While I’m not a heavy Google Docs user myself, I think I will use the service more often ever since I found out about Insync. This is a combination of a web service and desktop apps (Windows and Mac) that will help you sync your Google Docs to multiple machines, Dropbox-style.
Setting Up The System
You should check this out if you use Google Docs a lot. This fresh-from-the-oven free service (with 1GB storage of personal use) allows you to easily add, delete and edit Google Docs documents in the comfort of your desktop – either online or offline. The changes that you make will be synchronized to your Google Docs accounts whenever your machine connects to the net.
To start using the service, you have to register and download the desktop app. Go to the website and click the green “Install Insync” button.
Fill in the field with your Gmail/Google Account address and click “Go“. You’ll have to confirm that you allow Insync to use this address as the login information. Then the app will be downloaded in the background. Install it when the download is done.
There’s another confirmation window in your machine that you have to go through before the app can run.
Insync will use your Google account as login information. Assign a name to your machine before clicking the “Sign In” button.
Then you will land in the “Activities” tab of the web interface where you can see your recent activities.
There’s also information about your storage usage on the right side of the page, along with links to “Settings“, “Support“, and “Install” (where you can (re)download the desktop clients).
On the desktop, the app will reside in the notification area of the taskbar (Windows) or menubar (Mac). You can use the icon to access Insync’s preferences.
Preferences is the place for you to edit the location of the Insync folder and the Proxy Configuration.
Share & Collaborate
Insync allows you to share your Google Docs folder with your colleagues. This feature makes it easy for a team to work on projects simultaneously from different locations.
You can share your folder(s) simply by right clicking them from within your Insync folder and choosing “Share“.
Or from within the web interface by clicking the small arrow next to the folder name.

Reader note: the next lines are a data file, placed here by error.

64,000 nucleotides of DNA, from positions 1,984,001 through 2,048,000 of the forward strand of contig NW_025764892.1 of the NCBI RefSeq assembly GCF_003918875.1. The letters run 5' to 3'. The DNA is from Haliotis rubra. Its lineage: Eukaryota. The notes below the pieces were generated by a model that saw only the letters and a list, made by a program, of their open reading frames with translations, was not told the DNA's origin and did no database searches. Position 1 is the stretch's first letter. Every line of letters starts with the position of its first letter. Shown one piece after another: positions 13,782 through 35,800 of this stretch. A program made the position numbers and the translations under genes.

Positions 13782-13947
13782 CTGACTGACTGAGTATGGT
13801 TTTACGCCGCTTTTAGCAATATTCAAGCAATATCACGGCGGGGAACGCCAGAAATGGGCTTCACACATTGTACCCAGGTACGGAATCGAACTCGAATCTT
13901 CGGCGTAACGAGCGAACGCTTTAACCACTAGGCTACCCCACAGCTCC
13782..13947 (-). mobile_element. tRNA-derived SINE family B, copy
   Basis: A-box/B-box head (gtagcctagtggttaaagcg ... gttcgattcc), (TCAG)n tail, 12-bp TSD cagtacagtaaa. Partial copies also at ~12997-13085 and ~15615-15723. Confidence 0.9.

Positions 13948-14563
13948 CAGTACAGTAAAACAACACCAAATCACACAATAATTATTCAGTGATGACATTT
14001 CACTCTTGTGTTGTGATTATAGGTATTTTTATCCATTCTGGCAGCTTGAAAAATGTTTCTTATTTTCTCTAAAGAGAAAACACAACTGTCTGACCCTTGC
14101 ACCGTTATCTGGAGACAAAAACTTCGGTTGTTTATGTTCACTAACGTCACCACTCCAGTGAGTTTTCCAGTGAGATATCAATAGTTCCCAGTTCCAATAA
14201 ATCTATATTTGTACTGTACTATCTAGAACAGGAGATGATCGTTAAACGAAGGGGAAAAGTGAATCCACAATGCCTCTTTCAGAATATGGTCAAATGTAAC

Then type in a name or email address of the person that you want to share your folder with.
On the other hand, if someone wants to share a folder with you, you will get a notification on your Insync client. To accept, go to the “Action – someone wants to share foldername with you – Accept” menu.
If you don’t have the desktop client, you will get an email with this notification instead. Basically it suggests that you install the client.
If you’ve ever been in a project where many people are collaborating, you will be familiar with the term “revisions“. One document that has been edited by many people will have several revisions. It’s important for the project coordinator to be able to track the revisions.
Insync makes it easy to do so. Just right click on a file within the Insync folder on your desktop, or click the small arrow next to a document name on the web interface, and choose “Revisions“.
After playing around with the service for a while, a few things came to my mind. The first one is the inability to share only a file or two. You’ll have to share the whole folder and everything in it. I think it’s safe to assume that not everybody wants to share everything inside his/her Google Docs folder. So, the workaround is to create folders to share inside the Google Docs folder and only put the files that you want to share inside those shared folders.
The second is the inability to easily change users. Once you login with one, you have to go through lots of hoops to use different Google Accounts with the desktop client. It would be cool if people with multiple Google Accounts could just click on the menubar icon and choose “change account“.
Another thing is that you might need to restart your machine before the right click Insync menu works. I tried the desktop client on two machines, the right click menu worked instantly on one machine after installation while the other required a restart.
The last note is a question: why would anyone choose Insync over Dropbox to sync and share their documents? Is the ability to access Google Docs enough to justify the switch? The truth is, you don’t have to choose. You can use both services hand in hand. I curiously tried to move the Insync folder inside Dropbox. It worked (and still works) just fine. So you can have the best of both worlds.
Give Insync a try and tell us what you think about it in the comments below.